I've been meaning to write a blog post like this for a few weeks, but a post at Washblog put it over the edge for me. This is a cross between a mental exercise and simply writing down what I've been thinking over the past few weeks.
1. Register as a minor political party here. Actually try to stay classified as a minor party as long as possible, as far I as I can tell, the benefits of being considered "major" are far outweighed by the regulatory burdens.
2. Avoid running candidates for any statewide elected office. First, if you get over 5 percent, you're automatically a major party, and as I said above, that is to be avoided. Second, you waste a lot of energy on getting one person elected to a highly unlikely seat.
3. Find low interest local seats and districts, where one party is dominating, that is where your opportunity is. These are places where if there is a minority party, its obviously pretty ineffective. Like my own 22nd LD, the Republicans are pretty far gone, their status as the small minority has made them not more reasonable, but rather more ineffective and extremely extreme.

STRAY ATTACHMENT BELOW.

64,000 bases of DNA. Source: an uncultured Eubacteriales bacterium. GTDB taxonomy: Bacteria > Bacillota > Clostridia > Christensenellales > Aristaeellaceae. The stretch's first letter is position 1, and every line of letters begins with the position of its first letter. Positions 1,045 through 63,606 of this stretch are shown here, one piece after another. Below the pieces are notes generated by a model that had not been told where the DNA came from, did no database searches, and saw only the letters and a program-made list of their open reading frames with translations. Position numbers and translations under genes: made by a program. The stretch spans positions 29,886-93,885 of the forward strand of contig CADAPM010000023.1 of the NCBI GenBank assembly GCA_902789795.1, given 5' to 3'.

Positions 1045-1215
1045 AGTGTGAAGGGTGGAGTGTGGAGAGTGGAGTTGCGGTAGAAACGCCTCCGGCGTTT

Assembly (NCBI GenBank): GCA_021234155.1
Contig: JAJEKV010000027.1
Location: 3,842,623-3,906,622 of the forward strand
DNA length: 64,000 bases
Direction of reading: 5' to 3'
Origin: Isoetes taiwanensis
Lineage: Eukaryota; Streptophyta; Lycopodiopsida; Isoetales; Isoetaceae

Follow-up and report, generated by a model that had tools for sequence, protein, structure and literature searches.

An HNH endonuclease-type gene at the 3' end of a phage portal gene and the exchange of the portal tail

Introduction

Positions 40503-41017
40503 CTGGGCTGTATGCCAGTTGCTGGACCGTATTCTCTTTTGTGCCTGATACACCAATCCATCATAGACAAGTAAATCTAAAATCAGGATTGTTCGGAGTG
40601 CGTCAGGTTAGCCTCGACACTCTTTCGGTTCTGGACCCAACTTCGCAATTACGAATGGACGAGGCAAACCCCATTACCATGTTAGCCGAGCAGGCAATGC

4. Be the party of more engagement. Both major parties (mine included, sigh) have been working the past couple of years to get people less interested in civics, their government, and actually getting involved. From both parties messing with the primary to just the Republicans actually trying to prevent people from voting, their is a real opportunity of a "civic" party.
5. Take a page from Unity08 or rather these guys. Be a web party. From organizing local chapters on a meetup.com type system to writing a party platform via wiki, there is tons out there
At the same time, avoid being like Unity08, those sad-sack insiders.
6. Also, be like Blue Tigers, make your new party about more than just getting people elected, its about making your community a better place.